Family Law in Slovenia
Family Law in SloveniaUpdated on Wednesday 16th October 2019
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Family Law in Slovenia represents a part of the national Slovenian law that relates to the legal duties and responsibilities of individuals who are in a domestic relation. It includes the regulations regarding marriage, divorce, child custody, adoption, domestic violence and others aspects deriving from the mentioned ones. Family Law in Slovenia is an important part of the legal system, indicating the care and concern that the Slovenian government offers to this basic cell of the society-the family.
Our team of Slovenian lawyers can provide an extensive presentation on the main types of provisions that are included in this legislation and can also offer legal representation to those who are interested in any of the branches of the legislation regulating family relations in this country.
What is the latest revised version of the Slovenian Family Law?
- • the protection of children’s interests are now under the jurisdiction of the Slovenian district courts;
- • the district courts are the ones that can decide on whether a child should be taken away from his or her parents;
- • previously, this right was granted to social work centers;
- • the district courts can decide if a child should be placed in foster care;
- • the purpose of the new regulations is to protect the children and to respect parental rights, based on the specific situation of a case;
- • the legislation introduced new measures concerning the adoption of children;
- • the law also aims at improving the procedures related to couples mediation;
- • it also provides the legal grounds through which shared custody can be granted in case of divorce.
What are the statistics on marriages in Slovenia?
- • in 2018, at a national level, there were 7,256 marriages, an increase of 12% compared to 2017;
- • most of the marriages registered here took place on Sundays, accounting for 66.8% of all the marriages registered in 2018;
- • the highest number of marriages, of 276, was registered on 18 August 2018;
- • on a monthly basis, the highest number of marriages were concluded in June 2018 (accounting for more than 1,100 marriages);
- • the average age at which a Slovenian man gets married is of 36.6 years;
- • the average age for a woman getting married here is of 33.9 years;
- • 81.7% of all the marriages registered in 2018 were concluded by Slovenian citizens.
Family legislation in Slovenia – a short history
In Slovenia, the family regulations are established by the Ministry of Labor, Family, Social Affairs and Equal Opportunities. The fundamental legal source regarding family law in Slovenia is the Law on Marriage and Family Relations, that was adopted back in 1976. Although Slovenia became an independent state in 1991, this act, that was passed when Slovenia was part of Yugoslavia, is still in force nowadays.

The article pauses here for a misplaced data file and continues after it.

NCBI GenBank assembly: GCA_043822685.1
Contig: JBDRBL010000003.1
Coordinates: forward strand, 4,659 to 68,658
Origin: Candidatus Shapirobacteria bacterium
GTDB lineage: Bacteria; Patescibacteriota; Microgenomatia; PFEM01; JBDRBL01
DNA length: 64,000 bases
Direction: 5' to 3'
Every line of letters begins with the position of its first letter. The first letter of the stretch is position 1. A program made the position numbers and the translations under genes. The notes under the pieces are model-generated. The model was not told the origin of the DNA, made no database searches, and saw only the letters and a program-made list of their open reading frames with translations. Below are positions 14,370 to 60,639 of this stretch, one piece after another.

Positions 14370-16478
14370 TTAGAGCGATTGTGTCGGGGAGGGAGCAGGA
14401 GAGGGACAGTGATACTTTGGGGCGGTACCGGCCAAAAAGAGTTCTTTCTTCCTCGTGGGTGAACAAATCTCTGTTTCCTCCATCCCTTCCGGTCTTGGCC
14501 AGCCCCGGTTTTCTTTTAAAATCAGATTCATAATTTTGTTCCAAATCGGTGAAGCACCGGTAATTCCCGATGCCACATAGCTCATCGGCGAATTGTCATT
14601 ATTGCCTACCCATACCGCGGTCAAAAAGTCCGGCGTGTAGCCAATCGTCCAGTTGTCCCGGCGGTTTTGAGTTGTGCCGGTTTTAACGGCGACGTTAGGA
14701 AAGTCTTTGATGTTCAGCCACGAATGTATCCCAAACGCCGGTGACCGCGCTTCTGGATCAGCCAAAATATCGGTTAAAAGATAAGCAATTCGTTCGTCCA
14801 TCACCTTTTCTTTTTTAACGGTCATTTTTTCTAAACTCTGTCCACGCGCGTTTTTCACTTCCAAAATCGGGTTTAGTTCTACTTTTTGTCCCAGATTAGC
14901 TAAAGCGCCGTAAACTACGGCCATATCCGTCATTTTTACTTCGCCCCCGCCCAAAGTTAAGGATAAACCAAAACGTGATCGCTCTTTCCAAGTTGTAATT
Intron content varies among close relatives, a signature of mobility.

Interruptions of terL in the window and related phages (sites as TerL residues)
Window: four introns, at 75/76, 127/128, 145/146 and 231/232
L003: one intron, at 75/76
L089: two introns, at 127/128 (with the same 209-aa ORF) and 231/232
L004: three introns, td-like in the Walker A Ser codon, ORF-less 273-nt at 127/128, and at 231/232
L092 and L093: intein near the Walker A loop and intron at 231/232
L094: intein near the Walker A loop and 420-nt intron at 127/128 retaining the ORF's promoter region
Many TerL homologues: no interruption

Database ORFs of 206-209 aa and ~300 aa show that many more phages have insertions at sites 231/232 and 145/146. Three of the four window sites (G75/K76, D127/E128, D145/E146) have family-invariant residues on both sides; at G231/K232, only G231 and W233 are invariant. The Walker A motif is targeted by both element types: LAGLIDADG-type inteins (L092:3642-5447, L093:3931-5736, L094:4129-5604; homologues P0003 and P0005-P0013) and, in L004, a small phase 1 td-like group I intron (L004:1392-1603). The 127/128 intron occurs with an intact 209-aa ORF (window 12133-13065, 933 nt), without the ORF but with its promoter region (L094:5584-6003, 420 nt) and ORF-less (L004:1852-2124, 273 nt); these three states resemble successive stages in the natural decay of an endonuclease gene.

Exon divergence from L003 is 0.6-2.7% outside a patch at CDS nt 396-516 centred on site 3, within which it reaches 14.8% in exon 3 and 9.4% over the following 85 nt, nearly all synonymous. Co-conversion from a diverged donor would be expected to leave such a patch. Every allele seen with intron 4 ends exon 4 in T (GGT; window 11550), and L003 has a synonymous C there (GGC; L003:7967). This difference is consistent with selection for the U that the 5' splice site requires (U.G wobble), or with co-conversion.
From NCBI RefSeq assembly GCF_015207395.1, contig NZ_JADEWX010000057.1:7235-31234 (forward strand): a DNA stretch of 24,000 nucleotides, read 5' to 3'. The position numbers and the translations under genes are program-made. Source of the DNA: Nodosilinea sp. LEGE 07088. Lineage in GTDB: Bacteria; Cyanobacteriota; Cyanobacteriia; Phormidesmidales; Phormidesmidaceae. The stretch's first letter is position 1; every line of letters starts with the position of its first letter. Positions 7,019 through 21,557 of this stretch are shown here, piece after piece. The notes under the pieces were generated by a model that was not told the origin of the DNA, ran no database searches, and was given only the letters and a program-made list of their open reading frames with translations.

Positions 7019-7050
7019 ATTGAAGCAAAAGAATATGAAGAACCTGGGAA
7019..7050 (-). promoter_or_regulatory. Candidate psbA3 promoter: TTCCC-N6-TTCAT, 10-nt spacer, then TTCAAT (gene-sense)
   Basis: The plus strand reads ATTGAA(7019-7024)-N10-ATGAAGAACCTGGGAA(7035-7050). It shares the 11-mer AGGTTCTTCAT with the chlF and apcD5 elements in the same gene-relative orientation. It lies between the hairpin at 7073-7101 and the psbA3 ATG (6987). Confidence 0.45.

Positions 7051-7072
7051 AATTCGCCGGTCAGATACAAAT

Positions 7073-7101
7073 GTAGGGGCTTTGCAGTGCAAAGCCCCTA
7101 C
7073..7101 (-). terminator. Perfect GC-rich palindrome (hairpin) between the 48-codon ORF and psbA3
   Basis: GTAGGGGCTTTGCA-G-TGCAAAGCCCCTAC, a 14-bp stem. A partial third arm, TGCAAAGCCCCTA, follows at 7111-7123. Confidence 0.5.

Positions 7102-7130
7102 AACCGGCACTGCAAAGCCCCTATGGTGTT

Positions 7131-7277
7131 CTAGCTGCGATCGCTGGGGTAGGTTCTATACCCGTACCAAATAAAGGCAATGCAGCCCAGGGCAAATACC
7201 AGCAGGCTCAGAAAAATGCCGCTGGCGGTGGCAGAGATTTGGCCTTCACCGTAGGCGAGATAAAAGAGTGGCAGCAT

The Law on Marriage and Family Relations has been renewed several times; the latest changes were made in 2004 with alterations in the field of custody and raising children. This law is divided in seven parts, starting with the introductory provisions: “This law shall regulate marriage, relations between parents and children and among other relatives, adoption, fostering and the protection of the rights and benefits of young children and other persons who are not capable of taking care of themselves.”
The rest of the law’s content refers to marriage in Slovenia, relations between parents and children, adoption or fostering, guardianship and it concludes with the transitional and final provisions. Another important act when it comes to family law in Slovenia is the Constitution of Republic of Slovenia adopted in 1991. Chapter II of the Constitution, “Human Rights and Fundamental Freedom,” states the family relations principles, underlining the protection that the state provides both to the children and the parents.
In January 2007, the authorities that administer the Slovenian family law adopted the Parental Protection and Family Benefits Act that regulates the rights deriving from parental protection, insurance and the benefits that families are provided by the state. The Family Violence Prevention Act is also part of the Slovenian law regarding family; in 2009 Slovenia has adopted a resolution on the 2009-2014 national program on the prevention of family violence; our law firm in Slovenia can offer more information on these regulations.
Slovenian legislation has also implemented the EU Mediation Directive, one of its chapters describing the specific rules on mediation procedures in family issues. For more information about the family law in Slovenia or if you need assistance in any kind of legal issues, please contact our law firm in Slovenia.